"I like very much coffee."

  • This sentence is wrong.
  • This sentence is false.

Is it correct if I use either "wrong" or "false"?

The meanings of them in Cambridge Dictionary:

  • false: not true or correct
  • wrong: not correct
  • 1
    Have you looked up both words in a dictionary?
    – myacorn
    Jan 5, 2022 at 9:13
  • 1
    @myacorn Yes, I edited my question and added the meanings. Jan 5, 2022 at 9:23

2 Answers 2


The simplest way to understand the difference between the two words in this context is to define the words as follows

False = Not True; while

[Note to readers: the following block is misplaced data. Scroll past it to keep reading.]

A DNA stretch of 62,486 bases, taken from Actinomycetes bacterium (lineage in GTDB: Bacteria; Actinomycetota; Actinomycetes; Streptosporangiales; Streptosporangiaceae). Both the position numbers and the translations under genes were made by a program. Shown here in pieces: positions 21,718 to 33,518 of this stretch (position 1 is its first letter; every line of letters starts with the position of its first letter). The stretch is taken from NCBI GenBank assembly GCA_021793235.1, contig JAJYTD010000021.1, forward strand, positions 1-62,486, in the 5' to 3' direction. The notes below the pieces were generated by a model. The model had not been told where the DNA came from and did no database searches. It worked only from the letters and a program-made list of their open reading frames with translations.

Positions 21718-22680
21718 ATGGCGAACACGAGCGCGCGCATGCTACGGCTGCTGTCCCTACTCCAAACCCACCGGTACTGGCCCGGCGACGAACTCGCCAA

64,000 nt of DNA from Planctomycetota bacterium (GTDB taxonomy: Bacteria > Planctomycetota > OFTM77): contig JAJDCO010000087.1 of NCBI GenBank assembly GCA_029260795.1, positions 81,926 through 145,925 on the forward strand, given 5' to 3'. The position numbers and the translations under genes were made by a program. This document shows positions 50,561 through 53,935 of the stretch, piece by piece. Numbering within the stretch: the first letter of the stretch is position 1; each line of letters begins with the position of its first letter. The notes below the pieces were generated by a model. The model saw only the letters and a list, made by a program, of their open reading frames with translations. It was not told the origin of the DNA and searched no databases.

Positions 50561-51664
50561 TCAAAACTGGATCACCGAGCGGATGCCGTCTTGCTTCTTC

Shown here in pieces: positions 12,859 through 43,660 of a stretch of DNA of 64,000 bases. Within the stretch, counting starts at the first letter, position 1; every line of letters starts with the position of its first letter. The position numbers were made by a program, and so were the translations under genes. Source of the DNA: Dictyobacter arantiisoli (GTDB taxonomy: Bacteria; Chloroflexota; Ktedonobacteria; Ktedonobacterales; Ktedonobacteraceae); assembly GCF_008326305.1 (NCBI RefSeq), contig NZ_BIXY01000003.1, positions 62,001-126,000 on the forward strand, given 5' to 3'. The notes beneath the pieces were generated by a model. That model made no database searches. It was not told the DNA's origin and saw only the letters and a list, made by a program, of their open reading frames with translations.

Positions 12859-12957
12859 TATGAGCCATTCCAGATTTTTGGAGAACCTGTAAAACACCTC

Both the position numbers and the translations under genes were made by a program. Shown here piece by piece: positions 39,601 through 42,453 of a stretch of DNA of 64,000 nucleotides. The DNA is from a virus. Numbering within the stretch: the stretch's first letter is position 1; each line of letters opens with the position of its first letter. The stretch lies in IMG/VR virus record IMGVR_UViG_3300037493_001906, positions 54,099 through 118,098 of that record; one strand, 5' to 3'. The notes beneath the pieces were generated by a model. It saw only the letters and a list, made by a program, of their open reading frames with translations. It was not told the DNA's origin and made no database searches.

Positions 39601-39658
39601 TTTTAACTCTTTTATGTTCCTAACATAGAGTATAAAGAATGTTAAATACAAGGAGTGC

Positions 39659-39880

Wrong = Not Right.

If a sentence is false, the speaker is lying.

If a sentence is wrong, it is incorrect in some way.

  • 1
    "Two added to three equals six" is 'wrong' in some sense, at least in British English. Jan 5, 2022 at 9:54

If a sentence is so grammatically wrong that its meaning can't be understood, it isn't either true or false.

In your grammatically wrong example, there's no way to tell whether you like large quantities of coffee, or you just like a little bit of coffee a whole lot.

And that's without even considering whether you might be lying.

  • 2
    There are also things like "Good morning, Jack!" which are grammatically fine but just a greeting which is not capable of being true or false.
    – gnasher729
    Jan 5, 2022 at 11:19

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